Gordon Elliott has been banned for 12 months with 6 suspended

Gordon Elliott set for hearing on Friday with IHRB

Gordon Elliott has been banned from racing for 12 months, with six months suspended, and ordered to pay costs of €15,000, following his Irish Horseracing Regulatory Board referrals committee hearing.

A photo of Elliott sitting on a dead horse appeared on social media last weekend, with the trainer admitting that the image was genuine in a statement released on Sunday evening. 

According to their statement, the IHRB Referrals Committee found Elliott in breach of Rules 272(i) in that he acted in a manner which was prejudicial to the integrity, proper conduct and good reputation”.

The ruling, which comes into effect on 9 March, means Elliott cannot train at his base in Cullentra, nor can he attend a race meeting or point-to-point event until September.

Elliott will not be able to saddle horses at the Cheltenham Festival, which begins on 16 March.  

Gordon Elliott has been banned from racing for 12 months, with six months suspended, and ordered to pay costs of €15,000, following his Irish Horseracing Regulatory Board referrals committee hearing.

A photo of Elliott sitting on a dead horse appeared on social media last weekend, with the trainer admitting that the image was genuine in a statement released on Sunday evening. 

According to their statement, the IHRB Referrals Committee found Elliott in breach of Rules 272(i) in that he acted in a manner which was prejudicial to the integrity, proper conduct and good reputation”.

The ruling, which comes into effect on 9 March, means Elliott cannot train at his base in Cullentra, nor can he attend a race meeting or point-to-point event until September.

Elliott will not be able to saddle horses at the Cheltenham Festival, which begins on 16 March.  

In a statement, Elliott accepted the judgement, effectively ruling out an appeal.

“It breaks my heart to see the hurt I have caused to my colleagues, family, friends and supporters. I have a long road ahead of me but I will serve my time and then build back better,” he said.

The committee sat for three hours at Naas Racecourse this morning from 10am following a tumultuous week in Irish racing, after the image became public. 

The committee found Elliott’s behaviour to be in “the most appalling bad taste” and “the reputation and integrity of horseracing has consequently been brought into disrepute and has been prejudiced and serious damage has been caused to a sport enjoyed and loved by so many”.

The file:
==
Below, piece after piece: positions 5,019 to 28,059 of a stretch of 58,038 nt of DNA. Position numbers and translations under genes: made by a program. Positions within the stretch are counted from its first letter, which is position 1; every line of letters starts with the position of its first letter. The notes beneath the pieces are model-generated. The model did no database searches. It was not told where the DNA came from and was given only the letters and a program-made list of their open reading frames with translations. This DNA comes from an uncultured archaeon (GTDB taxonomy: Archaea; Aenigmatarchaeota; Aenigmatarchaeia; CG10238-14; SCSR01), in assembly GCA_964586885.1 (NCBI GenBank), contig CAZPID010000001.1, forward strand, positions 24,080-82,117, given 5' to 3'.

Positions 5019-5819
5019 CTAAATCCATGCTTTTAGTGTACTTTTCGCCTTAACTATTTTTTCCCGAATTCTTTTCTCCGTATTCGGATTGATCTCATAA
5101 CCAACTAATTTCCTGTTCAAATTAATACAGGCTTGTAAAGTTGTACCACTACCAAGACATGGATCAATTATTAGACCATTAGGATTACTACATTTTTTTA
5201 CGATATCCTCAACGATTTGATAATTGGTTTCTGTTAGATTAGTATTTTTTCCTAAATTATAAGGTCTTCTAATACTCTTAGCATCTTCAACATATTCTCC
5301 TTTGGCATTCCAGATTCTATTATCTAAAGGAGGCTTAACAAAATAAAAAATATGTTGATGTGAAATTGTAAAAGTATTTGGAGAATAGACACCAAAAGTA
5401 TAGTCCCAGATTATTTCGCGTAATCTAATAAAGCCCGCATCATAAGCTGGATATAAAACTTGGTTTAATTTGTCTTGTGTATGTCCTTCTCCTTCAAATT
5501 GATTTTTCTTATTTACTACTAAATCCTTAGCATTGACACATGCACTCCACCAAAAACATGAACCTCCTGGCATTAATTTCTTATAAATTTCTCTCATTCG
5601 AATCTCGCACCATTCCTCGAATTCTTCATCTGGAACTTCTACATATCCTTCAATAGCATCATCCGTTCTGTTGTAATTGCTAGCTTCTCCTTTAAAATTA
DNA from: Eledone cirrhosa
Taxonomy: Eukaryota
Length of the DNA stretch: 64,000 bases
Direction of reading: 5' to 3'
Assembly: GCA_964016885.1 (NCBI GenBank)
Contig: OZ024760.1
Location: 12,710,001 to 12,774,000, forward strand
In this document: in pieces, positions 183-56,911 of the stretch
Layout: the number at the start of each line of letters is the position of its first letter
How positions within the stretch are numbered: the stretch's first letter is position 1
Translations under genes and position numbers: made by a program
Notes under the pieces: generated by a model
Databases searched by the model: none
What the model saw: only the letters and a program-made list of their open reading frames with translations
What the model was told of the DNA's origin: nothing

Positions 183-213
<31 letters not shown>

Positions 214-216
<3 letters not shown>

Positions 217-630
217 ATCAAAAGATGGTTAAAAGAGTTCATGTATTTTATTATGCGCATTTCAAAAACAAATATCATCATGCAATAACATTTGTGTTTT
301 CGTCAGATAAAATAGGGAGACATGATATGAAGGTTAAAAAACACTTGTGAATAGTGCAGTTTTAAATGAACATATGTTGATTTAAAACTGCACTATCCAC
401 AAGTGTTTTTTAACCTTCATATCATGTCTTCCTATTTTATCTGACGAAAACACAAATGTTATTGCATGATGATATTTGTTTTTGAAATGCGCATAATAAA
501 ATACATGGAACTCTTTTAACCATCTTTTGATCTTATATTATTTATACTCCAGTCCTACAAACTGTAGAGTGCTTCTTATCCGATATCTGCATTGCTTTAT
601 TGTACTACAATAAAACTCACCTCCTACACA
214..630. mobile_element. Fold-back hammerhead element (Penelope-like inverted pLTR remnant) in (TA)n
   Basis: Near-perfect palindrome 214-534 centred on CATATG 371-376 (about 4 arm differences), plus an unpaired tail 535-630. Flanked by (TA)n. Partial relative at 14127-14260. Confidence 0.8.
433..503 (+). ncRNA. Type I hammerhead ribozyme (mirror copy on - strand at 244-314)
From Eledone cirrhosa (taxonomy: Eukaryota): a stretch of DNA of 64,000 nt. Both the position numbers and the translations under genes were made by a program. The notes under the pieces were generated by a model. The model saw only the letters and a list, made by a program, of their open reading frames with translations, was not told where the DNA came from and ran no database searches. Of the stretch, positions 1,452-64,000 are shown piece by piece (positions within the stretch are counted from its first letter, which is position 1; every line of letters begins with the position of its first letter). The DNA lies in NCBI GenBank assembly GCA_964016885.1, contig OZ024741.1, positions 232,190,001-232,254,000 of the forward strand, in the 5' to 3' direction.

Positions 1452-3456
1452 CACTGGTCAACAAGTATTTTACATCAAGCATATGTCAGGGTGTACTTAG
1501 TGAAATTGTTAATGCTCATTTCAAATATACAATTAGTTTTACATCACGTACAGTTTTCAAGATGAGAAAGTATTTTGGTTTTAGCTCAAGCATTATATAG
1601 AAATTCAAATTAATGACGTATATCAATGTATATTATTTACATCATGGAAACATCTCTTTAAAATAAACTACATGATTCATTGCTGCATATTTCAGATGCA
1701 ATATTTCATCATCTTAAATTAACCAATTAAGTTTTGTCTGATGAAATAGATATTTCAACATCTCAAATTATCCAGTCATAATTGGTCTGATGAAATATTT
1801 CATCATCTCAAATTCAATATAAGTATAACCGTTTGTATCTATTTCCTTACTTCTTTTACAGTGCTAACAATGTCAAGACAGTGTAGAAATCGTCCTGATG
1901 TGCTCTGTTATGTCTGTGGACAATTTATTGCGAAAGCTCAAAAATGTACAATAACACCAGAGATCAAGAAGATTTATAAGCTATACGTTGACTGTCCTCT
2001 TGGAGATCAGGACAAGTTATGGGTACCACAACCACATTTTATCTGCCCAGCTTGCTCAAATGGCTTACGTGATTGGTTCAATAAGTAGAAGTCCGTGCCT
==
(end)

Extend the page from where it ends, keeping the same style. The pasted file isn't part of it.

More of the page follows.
In suspending six months of the suspension, the IHRB committee, made up of Mr. Justice Raymond Groarke, Mr. Nick Wachman and The Hon. Mrs. Justice Siobhan Keegan, noted that Elliott had “accepted that his conduct was ‘disgraceful’, ‘horrific’ and ‘wholly inappropriate and distasteful’.”

They noted the three-time Aintree Grand National winner’s ‘genuine remorse’ and the fact he cooperated fully with the IHRB throughout the investigation.

The committee also questioned the motives behind the publication of the photograph, taken more than a year ago, on social media on Saturday night.

“In the view of the Committee there is also a sinister aspect to this case. The Committee are satisfied that the publication of this photograph is part of a concerted attack upon Mr Elliott, the full circumstances of which are unknown.”

Even before today’s judgement, Elliott has already lost some of his best horses, with the British Horseracing Authority (BHA) moving quickly to suspend Elliott from racing in Britain pending today’s hearing.

The unbeaten Envoi Allen is the highest profile horse shorn from the ranks of Elliott amid the controversy, with Henry de Bromhead assuming the training duties for the favourite for the Marsh Novices’ Chase at Cheltenham. 

Envoi Allen is one of a number of Cheveley Park Stud-owned stars dispatched to De Bromhead and champion trainer Willie Mullins.

Noel and Valerie Moran, who are local to the Elliott yard but new to racehorse ownership on a major scale, are adopting a watching brief for now and are awaiting the decision of the hearing before making any public decision on the future of their horses. 

However, Gigginstown House Stud – owner of Morgan, the horse straddled by Elliott in the offending image – is sticking by the trainer, describing the incident as a “grievous but momentary lapse of judgement”.

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